Thursday, 23 October 2014

The Terror Problem. What Questions Should we Ask?

October 22, 2014 has indelibly imprinted itself on my mind. From the first tweet that a gunman was loose on Parliament Hill, I was glued to my computer, constantly searching for news and answers to try to understand the scope of that horrific event.

Once all was over and the details emerged, we learn that the scene of terror that engulfed our capital city was all due to a loan crazed individual armed with a rifle. In our post 9-11 world, an attack that ended in gunfire in our halls of government reverberates with the unique intensity and urgency we have assumed into our collect conscience since the war on terror was declared.

And it is through the "war on terror" lens that this event is being viewed. Whether by those that blame radical Islam for our troubles, or those that blame our imperial aggression in Muslim countries, the debate about the cause and effect exist solely within the post 9-11 terror narrative.

But in our search for answers, I don't think we ask ourselves the right questions. Why would Michael Zehaf-Bibeau (and Martin Rouleau) choose to assault and murder members of our military? What caused these troubled individuals to embrace radical Islam?

And more importantly, what would they have chosen if "radical Islam" was not a readily available option?

I think it's very critical that we pause and reflect on that question. The underlying assumption about the "radicalization of our youth" problem we are grappling with is the unsaid narrative that without the radical Islam influence, these individuals would not choose to terrorize society.

I believe that to be a serious error in judgement. For as I pondered that question, it occurred to me that these individuals wanted to hate somebody. They needed something to latch on to that would validate and allow them to express that hate. If not radical Islam, I believe they would have picked more "traditional" targets. Whether it be women, Jews or gays or any other group.

It is important to understand that many of these recent converts to radical Islam are looking for an answer to whatever internal angst they are dealing with. It isn't an easy choice, nor is it a simple or logical one. This is entirely an irrational response. But they have a need that needs filling, and perhaps like a desperate addict in search of a fix they will latch onto whatever cause that provides relief, clarity, a purpose, a target to focus on.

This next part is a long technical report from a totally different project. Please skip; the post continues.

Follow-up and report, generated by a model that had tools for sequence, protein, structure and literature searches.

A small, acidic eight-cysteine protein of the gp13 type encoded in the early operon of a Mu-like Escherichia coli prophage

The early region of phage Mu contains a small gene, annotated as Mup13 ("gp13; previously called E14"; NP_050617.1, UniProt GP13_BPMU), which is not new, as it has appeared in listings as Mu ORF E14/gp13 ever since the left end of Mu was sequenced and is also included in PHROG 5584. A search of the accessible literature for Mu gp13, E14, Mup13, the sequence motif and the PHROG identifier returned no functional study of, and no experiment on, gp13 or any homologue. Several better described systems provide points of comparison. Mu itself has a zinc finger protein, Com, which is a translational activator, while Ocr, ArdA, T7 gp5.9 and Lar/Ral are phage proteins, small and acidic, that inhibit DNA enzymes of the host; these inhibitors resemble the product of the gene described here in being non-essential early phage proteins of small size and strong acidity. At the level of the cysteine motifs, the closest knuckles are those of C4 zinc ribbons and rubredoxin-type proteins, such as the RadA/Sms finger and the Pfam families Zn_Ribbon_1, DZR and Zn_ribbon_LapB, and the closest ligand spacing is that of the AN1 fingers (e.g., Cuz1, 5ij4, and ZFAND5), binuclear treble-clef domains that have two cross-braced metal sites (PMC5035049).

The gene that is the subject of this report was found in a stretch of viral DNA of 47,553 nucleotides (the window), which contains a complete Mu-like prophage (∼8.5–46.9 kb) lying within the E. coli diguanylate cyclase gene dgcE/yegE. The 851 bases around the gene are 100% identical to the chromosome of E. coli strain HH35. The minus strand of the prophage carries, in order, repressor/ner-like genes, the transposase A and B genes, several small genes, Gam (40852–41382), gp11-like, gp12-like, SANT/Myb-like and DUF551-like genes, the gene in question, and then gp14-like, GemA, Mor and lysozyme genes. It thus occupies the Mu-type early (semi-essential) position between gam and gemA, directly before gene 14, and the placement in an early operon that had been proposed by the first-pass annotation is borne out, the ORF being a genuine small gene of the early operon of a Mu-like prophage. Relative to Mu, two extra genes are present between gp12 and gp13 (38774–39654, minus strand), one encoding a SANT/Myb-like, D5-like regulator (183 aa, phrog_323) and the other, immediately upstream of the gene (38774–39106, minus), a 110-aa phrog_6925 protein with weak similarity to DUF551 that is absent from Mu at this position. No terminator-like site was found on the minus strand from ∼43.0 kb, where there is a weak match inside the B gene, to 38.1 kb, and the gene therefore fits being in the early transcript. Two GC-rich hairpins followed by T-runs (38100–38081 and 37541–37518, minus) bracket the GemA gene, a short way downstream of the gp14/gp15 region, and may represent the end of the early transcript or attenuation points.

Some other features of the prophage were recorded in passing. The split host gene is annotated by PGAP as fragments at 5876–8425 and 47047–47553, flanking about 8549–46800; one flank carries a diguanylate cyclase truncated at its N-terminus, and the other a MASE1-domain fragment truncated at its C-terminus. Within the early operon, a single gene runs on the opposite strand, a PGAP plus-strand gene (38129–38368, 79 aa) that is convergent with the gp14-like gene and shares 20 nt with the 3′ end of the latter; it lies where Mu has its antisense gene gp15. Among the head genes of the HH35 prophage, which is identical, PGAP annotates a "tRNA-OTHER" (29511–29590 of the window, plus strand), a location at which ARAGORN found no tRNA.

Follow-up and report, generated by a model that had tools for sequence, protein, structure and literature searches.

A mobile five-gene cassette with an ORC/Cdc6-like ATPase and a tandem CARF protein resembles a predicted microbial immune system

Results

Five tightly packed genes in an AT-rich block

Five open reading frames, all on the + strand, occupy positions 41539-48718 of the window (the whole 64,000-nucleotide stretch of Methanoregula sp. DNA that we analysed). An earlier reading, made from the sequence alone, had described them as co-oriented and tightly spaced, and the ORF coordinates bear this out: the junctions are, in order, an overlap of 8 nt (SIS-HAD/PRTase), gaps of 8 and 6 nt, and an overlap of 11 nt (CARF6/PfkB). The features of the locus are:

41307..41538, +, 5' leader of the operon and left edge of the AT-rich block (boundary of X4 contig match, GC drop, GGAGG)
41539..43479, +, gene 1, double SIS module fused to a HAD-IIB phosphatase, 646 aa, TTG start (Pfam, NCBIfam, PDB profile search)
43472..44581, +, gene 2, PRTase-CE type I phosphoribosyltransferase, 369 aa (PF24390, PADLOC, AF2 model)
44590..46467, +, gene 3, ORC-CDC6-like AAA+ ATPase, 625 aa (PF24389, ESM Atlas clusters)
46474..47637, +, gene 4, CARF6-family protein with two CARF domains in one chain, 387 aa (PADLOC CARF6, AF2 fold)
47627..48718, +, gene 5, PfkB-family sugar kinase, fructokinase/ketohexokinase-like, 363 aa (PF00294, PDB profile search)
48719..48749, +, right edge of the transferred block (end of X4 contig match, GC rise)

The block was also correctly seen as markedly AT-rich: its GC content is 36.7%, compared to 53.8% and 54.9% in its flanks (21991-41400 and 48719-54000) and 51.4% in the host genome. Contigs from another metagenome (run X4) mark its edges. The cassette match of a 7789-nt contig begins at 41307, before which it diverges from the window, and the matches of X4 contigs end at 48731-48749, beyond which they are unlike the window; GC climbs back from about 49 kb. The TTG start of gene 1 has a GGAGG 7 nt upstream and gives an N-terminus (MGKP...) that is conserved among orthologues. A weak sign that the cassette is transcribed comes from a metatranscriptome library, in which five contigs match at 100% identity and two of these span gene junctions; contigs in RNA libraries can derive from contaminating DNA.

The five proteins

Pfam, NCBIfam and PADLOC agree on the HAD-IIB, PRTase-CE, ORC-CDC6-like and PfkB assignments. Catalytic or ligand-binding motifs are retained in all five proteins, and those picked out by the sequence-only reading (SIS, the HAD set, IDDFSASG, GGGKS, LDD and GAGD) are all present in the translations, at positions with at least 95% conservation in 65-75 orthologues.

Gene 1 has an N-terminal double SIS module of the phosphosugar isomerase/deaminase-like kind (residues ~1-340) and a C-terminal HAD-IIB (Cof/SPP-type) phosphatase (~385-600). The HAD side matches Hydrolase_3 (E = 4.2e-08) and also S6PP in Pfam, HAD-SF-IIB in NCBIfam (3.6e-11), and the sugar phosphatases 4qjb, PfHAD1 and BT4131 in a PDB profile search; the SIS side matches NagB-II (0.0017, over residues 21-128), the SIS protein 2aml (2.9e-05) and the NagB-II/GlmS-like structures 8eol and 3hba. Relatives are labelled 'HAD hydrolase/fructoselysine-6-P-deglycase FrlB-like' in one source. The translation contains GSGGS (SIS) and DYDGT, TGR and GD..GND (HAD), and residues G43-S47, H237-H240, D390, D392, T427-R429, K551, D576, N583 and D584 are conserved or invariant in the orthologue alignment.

Someone to blame. 

We must consider in our response, are we trying to prevent the next Zehaf-Bibeau or the next Marc L├ępine? And is there really any difference between them? What problem are we trying to solve?

If the answer we choose is simply "Islamic terrorism" then I believe we will not solve anything, and those that seek to terrorize will just choose another outlet.

2 comments:

Ken Breadner said...

You have outdone yourself with this one. This should be submitted to the Globe and Post. If one of them doesn't publish it, there's something very wrong with *their* judgment.

karen said...

I disagree with you. I don't think "radicalized" youth are looking for someone to hate. I think they are looking for somewhere to belong. I do think that ill health, whether it be physical (im talking here about poor nutrion, for example) or mental and poor thinking skills can lead people to think all kinds of bad ideas are good ones. And I think there are people who like the power of influencing the behaviour of others, even to do violence.